September 28th, 2016

Spade work is root of success for farm

Updated: 5:13 pm, May 06, 2015

RED TRACTOR Week ran from September 15 to 21 and helped raise awareness of the importance of local produce and its required standards.

Observer reporter Jonny Bonell went to Vicarage Nurseries in Bretforton to find out more about how the business has grown and how they meet the objectives set by the food assurance event.

“WE WANT to grow, it’s our ambition to grow, but we have to have a good system in place,” Bal Padda proudly said of the award-winning strawberry farm on Weston Road.

Having walked around the 300-acre site it was difficult to see how they could in terms of size, but in terms of business stature the commercial director spoke with a passion to expand what has become his pride and joy.

The Padda’s took over a 2.6-acre plot of land in 1996 which consisted mainly of a glass house but 18 years later Vicarage Nurseries are working on land more than 100 times that size and are producing more than 800 tonnes of first class soft fruit.

And their work certainly hasn’t gone unnoticed.

In their office at the front of the farm, a glass cabinet stands containing the 2010 Most Ambitious Grower award, the 2012 Soft Fruit Grower of the Year award and the 2014 Soft Grower of the Year award.

Those three awards came on the back of being approached by ASDA in September 2009 to become the first UK grower to serve the supermarket giant directly via International Produce Limited (IPL).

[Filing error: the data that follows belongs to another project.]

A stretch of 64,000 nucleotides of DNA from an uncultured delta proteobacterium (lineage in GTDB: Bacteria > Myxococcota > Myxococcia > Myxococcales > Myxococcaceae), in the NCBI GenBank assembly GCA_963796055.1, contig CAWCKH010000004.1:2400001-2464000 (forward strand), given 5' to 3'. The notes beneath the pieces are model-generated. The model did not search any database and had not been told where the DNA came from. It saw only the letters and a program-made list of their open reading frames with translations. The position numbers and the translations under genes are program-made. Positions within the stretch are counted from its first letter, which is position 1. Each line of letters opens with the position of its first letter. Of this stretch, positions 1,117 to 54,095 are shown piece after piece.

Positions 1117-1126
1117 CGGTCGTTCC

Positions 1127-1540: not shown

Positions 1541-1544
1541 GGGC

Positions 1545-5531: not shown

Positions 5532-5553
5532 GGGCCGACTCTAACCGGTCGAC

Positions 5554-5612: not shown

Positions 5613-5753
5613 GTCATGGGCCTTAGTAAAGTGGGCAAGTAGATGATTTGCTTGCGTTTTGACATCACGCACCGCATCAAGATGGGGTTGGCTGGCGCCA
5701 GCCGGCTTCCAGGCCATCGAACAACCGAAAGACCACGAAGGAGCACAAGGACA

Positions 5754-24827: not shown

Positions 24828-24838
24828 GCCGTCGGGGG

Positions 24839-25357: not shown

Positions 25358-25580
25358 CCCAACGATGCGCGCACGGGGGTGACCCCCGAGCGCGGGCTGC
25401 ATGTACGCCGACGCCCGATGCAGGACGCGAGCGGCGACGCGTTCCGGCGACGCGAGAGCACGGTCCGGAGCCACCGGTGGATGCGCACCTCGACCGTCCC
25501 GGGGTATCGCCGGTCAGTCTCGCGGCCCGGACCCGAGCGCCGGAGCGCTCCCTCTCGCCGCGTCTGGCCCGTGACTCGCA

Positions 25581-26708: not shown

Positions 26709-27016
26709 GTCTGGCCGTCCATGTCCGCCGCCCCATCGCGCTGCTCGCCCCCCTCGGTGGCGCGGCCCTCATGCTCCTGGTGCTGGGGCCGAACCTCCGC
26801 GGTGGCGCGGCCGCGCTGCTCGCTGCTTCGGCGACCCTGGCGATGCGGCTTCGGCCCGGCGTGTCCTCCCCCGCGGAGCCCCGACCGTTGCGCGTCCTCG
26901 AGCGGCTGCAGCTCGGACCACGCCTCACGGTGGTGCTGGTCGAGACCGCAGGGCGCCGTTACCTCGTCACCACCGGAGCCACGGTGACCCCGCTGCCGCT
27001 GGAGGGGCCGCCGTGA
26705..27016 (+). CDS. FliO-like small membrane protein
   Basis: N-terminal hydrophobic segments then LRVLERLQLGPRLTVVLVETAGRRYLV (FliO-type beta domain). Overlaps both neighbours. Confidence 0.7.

“How they have helped us grow and helped us get our British produce into the stores was just amazing,” Bal said. “They did things way beyond what people think.

“It wasn’t all about being the lowest cost with them either, they look at how you can do it with what you can afford. Without them I wouldn’t be sat here talking to you today, they have been with us through the good times and the bad times.

“From what we see, if that’s their way of working, it’s a great way of doing it.”

The strawberries grown in Bretforton are shelved in the Pershore ASDA along with the superstores in Smethwick and Dudley and as Bal said himself, ‘what more do you want?’

But that hard graft to get their produce on the shelves doesn’t stop.

Although Red Tractor Week is just seven days a year, there is a high standard required to meet their assurance and the farm receives regular visits to keep hold of their ‘assured’ logo.

“There’s always improvements to make though,” Bal added. “Every year you need to improve, every year there’s something new added on to, they add another thing you have to do.

“The standard is changing year on year and that’s why you need regular checks.”

It’s not just the work on the farm which has helped boost Vicarage Nurseries profile as Bal – an avid football fan – dreamed up an idea to bring his horticultural world and sporting ambition together.

The end product was Growers United FC tournament. 32 teams battled it out at Evesham’s Jubilee Stadium back in June for the third year running and helped raise £6,500 for Birmingham Children’s Hospital and Cancer Research UK, while bringing

together the best fruit and vegetables the Vale is famed for producing.

His aim is to take the event national and talking to him I saw no reason why that could not be achieved.

“We are proud to be from this area, it’s a brilliant place to work. We had to build a farm from zero but we are proud of what we have done and were we have got to,” he added.

The Vicarage Nurseries team. (s)

Strawberry pickers at the farm. (s)

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